**** ROTATE **** **** ROTATE **** **** ROTATE **** **** ROTATE ****

Find this Story

Print, a form you can hold

Wireless download to your Amazon Kindle

Look for a summary or analysis of this Story.

Enjoy this? Share it!


A Question Of Light
by [?]

“They’re not necessary.”

“But they’re much more fun. Perhaps they’ll have some old ones of Vesuvius you can work in. Well, good-bye.” And she drifted out.

I went on thinking.

“No,” I said to myself, “I’m on the wrong tack.” So I began again:–


Lecture delivered before the Blanktown Literary and Philosophical Society, Tuesday, December 8th.

My Lord Mayor, my Lords–“

“I don’t want to interrupt,” said Celia coming in suddenly, “but–oh, what’s a pot-hole?”

“A curious underground cavern sometimes found in the North.”

“Aren’t caverns always underground? But you’re busy. Will you be in for lunch?”

“I shall be writing my lecture all day,” I said busily.

At lunch I decided to have a little financial talk with Celia.

“What I feel is this,” I said. “At most I can ask ten guineas for my lecture. Now my expense all the way to the North, with a night at an hotel, will be at least five pounds.”

“Five-pounds-ten profit,” said Celia. “Not bad.”

“Ah, but wait. I have never spoken in public before. In an immense hall, whose acoustics–“

“Who are they?”

“Well, never mind. What I mean is that I shall want some elocution lessons. Say five, at a guinea each.”

“That still leaves five shillings.”

“If only it left that, it might be worth it. But there’s a new white waistcoat. An audience soon gets tired of a lecture, and then there’s nothing for the wakeful ones to concentrate on but the white waistcoat of the lecturer. It must be of a virgin whiteness. Say thirty-five shillings. So I lose thirty shillings by it. Can I afford so much?”

“But you gain the acoustics and the waistcoat.”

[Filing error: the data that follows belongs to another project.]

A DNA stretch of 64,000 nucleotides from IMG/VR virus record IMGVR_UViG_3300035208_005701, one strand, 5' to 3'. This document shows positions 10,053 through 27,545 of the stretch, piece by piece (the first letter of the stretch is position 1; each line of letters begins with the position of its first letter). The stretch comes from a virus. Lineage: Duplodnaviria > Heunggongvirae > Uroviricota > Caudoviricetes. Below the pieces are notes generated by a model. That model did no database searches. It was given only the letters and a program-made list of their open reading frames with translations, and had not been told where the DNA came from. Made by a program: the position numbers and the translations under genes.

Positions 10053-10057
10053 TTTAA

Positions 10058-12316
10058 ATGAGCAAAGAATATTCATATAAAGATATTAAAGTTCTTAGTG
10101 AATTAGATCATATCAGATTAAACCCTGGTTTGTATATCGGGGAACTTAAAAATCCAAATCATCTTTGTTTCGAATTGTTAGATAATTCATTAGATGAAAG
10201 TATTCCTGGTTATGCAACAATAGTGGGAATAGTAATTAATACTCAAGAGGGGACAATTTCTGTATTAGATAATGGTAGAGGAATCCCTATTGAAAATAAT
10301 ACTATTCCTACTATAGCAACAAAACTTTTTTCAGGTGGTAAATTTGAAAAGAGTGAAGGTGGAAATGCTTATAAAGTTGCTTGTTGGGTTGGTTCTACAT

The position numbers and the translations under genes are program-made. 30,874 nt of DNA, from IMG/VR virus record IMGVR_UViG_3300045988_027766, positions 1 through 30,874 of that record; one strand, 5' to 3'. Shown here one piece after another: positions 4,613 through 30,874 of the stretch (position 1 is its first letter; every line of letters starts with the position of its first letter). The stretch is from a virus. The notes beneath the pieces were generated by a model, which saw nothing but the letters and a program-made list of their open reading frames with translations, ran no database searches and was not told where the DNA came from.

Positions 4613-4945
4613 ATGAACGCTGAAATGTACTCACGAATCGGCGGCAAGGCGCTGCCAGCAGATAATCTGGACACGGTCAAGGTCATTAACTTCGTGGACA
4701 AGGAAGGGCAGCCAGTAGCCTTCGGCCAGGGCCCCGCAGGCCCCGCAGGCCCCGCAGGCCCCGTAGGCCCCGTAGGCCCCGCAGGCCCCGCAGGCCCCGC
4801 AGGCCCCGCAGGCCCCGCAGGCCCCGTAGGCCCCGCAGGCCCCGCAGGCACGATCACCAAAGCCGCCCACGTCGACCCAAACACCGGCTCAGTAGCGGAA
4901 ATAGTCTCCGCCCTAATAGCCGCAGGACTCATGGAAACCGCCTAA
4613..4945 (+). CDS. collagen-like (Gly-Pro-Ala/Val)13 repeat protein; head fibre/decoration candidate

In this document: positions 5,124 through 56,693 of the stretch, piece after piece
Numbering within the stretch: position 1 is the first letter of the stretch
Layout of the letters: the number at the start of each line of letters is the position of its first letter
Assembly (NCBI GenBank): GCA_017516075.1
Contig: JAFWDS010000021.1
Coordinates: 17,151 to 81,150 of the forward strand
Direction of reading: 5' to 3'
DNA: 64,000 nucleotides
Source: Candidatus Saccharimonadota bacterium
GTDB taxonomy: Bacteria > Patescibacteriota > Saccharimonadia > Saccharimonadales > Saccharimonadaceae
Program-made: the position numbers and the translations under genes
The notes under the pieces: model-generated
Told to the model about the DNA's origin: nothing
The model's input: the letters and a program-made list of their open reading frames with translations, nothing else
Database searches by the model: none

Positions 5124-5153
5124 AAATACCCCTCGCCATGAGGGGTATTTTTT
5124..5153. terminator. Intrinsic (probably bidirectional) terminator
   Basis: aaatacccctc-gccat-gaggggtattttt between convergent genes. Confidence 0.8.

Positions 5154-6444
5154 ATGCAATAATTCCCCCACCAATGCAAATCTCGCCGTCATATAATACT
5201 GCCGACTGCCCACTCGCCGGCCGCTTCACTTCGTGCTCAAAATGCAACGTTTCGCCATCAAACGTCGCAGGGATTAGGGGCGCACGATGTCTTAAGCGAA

“True. Of course, if you insist–“

“Oh, you must,” said Celia.

So I returned to the library. By tea-time I had got as far as this:–


Lecture delivered before the Blanktown Literary and Philo–“

And then I had an idea. This time a brilliant one.

“Celia,” I said at tea, “I have been wondering whether I ought to take advantage of your generosity.”

“What generosity?”

“In letting me deliver this lecture.”

“It isn’t generosity, it’s swank. I want to be able to tell everybody.”

“Ah, but the sacrifices you are making.”

“Am I?” said Celia, with interest.

“Of course you are. Consider. I ask a fee of ten guineas. They cannot possibly charge more than a shilling a head to listen to me. It would be robbery. So that if there is to be a profit at all, as presumably they anticipate, I shall have a gate of at least two hundred and fifty.”

“I should hope so.”

“Two hundred and fifty. And what does that mean? It means that at seven-thirty o’clock on the night of December the 8th two hundred and fifty residents of Blanktown will turn out the electric lights in their drawing-rooms … PERHAPS EVEN IN THEIR HALLS … and proceed to the lecture-room. True, the lecture-room will be lit up–a small compensation–but not for long. When the slides of Vesuvius are thrown upon the screen–“

Celia was going pale.

“But if it’s not you,” she faltered, “it will be somebody else.”

“No; if I refuse, it will be too late then to get a substitute. Besides, they must have tried everybody else before they got down to me… Celia it is noble of you to sacrifice–“

“Don’t go!” she cried in anguish.

I gave a deep sigh.

“For your sake,” I said, “I won’t.”

So that settles it. If my lecture on “First Principles in Homoeopathy” is ever to be delivered, it must be delivered elsewhere.